I don’t want to admit how long I’ve been working on updating our fireplace but it’s getting close to 2 years at this point. I painted the fireplace white when I painted our living room burgundy in November 2017. When we first moved in the walls in our living room were a blueish shade of grey, the picture rail was a second shade of grey, the fireplace was two shades of beige and the ceiling was a lighter shade of beige. It’s a horrible before photo below, but this is the best one I have …

Considering the unusual shape of our fireplace, I thought the best way to highlight it would be to paint the fireplace and the mantle white against the rest of the burgundy walls. It was around the same time I painted our dining room hutch makeover in ‘Coal Black’ that I thought about painting the inside of the fireplace a dark colour. Along with Coal Black paint, Fusion Mineral Paint sent me their dark grey shade of Ash. It would be perfect for the inside of the fireplace as it was beautifully dark without being straight up black. Fusion Mineral Paint also sent the sweet shade Little Lamb grey which I immediately knew would be perfect in faux marbleizing the fireplace.

For a long time I didn’t know exactly how I should paint it so I got stuck [anyone else get stuck thinking for so long that they get more and more overwhelmed by a project?]. For about 6 months our fireplace sat half-painted, until only recently when I finished marbleizing the fireplace [overwhelming work schedule + a toddler transitioning into a threenager], but I’m really happy with how it turned out!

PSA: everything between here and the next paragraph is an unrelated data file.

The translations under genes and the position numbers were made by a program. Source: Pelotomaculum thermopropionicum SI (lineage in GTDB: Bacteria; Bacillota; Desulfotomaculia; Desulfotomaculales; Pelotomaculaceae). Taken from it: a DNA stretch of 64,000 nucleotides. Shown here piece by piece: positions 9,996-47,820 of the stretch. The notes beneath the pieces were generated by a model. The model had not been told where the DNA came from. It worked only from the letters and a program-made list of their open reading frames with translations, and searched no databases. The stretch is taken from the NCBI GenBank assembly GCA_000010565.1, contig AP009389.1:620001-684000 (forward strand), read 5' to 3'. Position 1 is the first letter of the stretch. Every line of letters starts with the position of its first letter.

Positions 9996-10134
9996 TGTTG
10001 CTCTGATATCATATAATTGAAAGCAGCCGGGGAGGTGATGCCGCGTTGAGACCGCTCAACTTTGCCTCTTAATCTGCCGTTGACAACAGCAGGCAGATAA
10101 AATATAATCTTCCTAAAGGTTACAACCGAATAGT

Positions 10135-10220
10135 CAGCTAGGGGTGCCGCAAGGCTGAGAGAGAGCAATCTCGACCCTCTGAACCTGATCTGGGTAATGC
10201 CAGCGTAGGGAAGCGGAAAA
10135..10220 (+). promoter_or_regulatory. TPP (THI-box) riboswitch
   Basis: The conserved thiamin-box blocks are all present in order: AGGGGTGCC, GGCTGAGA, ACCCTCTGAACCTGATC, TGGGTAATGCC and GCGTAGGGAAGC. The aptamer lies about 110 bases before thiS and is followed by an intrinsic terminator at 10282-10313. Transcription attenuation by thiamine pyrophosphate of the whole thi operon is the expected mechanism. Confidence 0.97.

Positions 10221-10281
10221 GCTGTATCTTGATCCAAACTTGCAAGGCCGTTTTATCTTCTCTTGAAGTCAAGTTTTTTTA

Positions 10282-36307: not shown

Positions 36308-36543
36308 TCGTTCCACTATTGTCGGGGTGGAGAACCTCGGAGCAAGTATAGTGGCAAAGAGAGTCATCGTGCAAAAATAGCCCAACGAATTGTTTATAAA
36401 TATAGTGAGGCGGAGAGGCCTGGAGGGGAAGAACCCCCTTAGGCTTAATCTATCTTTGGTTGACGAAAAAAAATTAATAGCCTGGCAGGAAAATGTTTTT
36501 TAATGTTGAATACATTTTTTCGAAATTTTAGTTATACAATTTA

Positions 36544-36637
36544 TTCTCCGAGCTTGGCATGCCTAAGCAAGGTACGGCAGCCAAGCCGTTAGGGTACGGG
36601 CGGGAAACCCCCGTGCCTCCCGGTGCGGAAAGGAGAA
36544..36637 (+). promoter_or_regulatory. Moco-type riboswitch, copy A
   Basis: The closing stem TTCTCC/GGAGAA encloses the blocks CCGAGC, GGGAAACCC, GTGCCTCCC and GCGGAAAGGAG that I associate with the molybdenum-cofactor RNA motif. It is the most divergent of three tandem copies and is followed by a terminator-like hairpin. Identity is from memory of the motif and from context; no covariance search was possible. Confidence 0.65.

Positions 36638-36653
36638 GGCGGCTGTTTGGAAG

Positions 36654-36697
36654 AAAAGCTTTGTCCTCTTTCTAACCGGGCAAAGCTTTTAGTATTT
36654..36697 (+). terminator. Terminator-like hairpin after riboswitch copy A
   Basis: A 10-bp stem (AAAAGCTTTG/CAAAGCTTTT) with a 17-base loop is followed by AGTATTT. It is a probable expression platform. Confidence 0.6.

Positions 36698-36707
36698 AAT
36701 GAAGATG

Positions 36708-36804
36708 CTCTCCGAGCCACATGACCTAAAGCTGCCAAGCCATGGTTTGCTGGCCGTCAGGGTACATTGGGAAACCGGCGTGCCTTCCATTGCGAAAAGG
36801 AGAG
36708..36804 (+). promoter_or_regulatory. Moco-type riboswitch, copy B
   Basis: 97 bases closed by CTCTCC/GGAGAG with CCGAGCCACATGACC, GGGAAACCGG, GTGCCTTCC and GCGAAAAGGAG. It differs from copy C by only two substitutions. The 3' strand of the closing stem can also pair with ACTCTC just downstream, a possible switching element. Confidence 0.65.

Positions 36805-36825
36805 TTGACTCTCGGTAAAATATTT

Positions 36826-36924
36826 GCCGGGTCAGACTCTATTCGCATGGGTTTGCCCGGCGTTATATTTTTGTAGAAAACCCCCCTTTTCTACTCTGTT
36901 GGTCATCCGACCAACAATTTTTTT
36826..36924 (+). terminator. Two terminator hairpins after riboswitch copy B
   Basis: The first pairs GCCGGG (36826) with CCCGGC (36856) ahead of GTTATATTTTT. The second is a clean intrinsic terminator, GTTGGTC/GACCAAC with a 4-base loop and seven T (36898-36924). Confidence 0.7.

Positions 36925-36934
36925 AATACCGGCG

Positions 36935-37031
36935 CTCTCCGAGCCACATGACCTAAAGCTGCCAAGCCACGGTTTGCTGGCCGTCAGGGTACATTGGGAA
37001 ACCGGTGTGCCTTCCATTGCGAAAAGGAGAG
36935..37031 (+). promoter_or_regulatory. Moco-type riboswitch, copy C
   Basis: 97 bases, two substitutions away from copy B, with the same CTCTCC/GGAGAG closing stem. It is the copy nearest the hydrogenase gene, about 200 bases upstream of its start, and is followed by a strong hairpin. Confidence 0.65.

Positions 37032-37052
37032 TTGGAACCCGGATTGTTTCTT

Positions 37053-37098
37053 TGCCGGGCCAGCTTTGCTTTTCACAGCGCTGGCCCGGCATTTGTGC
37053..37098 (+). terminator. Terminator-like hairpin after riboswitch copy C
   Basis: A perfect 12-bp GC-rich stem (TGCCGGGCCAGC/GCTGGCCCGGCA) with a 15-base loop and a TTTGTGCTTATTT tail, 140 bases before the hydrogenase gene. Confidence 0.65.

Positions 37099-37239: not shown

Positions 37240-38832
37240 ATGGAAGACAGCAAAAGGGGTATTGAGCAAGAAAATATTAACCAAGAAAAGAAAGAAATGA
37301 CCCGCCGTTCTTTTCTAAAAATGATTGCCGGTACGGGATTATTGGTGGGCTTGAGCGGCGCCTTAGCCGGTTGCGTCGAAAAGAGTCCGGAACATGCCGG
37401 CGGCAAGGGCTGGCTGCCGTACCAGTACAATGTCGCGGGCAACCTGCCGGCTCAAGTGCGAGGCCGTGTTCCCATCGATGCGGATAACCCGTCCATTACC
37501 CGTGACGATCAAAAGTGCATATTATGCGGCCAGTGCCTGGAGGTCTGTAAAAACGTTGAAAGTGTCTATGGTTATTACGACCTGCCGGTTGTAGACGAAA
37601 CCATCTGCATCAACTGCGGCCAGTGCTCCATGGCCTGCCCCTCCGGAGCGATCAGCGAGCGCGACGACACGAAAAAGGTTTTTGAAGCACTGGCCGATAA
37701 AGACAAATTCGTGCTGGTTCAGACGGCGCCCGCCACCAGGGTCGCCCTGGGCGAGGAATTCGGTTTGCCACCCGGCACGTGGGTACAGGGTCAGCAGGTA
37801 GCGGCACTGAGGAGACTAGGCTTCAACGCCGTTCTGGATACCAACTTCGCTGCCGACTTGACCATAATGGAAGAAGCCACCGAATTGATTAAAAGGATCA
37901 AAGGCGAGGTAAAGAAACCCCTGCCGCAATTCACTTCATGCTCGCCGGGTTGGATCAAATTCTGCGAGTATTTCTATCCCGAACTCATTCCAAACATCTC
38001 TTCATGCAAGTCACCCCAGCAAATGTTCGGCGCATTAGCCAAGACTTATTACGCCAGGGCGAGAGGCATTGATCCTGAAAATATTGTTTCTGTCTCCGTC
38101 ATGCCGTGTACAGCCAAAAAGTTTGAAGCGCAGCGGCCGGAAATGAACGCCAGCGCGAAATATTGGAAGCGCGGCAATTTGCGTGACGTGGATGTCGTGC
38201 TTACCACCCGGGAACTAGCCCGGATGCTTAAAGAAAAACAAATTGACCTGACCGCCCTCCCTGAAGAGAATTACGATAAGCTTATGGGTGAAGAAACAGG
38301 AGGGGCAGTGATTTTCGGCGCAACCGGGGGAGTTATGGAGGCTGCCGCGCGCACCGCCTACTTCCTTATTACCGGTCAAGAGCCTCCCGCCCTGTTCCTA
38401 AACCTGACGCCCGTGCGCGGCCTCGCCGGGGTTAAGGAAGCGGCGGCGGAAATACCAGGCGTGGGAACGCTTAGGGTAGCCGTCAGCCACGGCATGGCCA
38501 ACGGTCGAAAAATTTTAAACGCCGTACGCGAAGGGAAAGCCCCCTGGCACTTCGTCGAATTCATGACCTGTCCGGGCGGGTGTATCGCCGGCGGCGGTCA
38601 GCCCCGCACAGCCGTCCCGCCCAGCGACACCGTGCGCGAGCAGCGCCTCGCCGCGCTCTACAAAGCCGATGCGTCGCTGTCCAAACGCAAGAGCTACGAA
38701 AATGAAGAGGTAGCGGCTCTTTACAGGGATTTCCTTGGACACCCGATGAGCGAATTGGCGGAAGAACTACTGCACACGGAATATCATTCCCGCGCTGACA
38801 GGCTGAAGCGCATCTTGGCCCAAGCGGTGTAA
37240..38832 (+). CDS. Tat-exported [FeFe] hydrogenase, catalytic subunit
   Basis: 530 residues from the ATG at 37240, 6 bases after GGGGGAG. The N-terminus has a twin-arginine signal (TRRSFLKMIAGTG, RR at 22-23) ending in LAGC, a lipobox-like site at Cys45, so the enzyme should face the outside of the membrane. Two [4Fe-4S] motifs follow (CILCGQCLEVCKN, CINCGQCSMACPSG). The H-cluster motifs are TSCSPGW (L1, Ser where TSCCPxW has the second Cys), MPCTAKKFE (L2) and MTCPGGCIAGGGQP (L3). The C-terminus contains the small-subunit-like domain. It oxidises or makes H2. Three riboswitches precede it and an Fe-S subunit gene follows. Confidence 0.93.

A very last minute decision I made that really brought the fireplace together was to paint the tiles in the same Ash paint as the inside of the fireplace. Fusion Mineral Paint adhere’s perfectly to tiles, especially in this situation as it’s not a high-traffic area. The tiles weren’t in great condition to begin with and weren’t historic to the property, so I took a chance and painted them. It really pulled the fireplace together and made it look like a complete unit. I think so at least!

It was quite a surprisingly easy process faux-marbleizing our fireplace with Fusion Mineral Paint. Despite it being quite a bumpy surface, I think it still looks relatively convincing. At the very least, it looks better than it did before. I also took some step-by-step photos of the process and I’m hoping to be able to put together a tutorial for exactly how I did it. There are a lot of photos and I figured it would be overwhelming to have them all in one blog post.

I’m hoping to share a tutorial in the coming weeks about exactly how I faux marbled our Fusion Mineral Paint fireplace. A huge thank you again to Fusion Mineral Paint for partnering with me on another makeover project and for sincerely having such incredible and versatile paint.

DISCLOSURE – while this post is not sponsored, I did receive this paint free of charge from Fusion Mineral Paint in exchange for a blog post. I only work with brands that I like and of course, think you will too. Thank you for supporting the companies that support The Interior DIYer.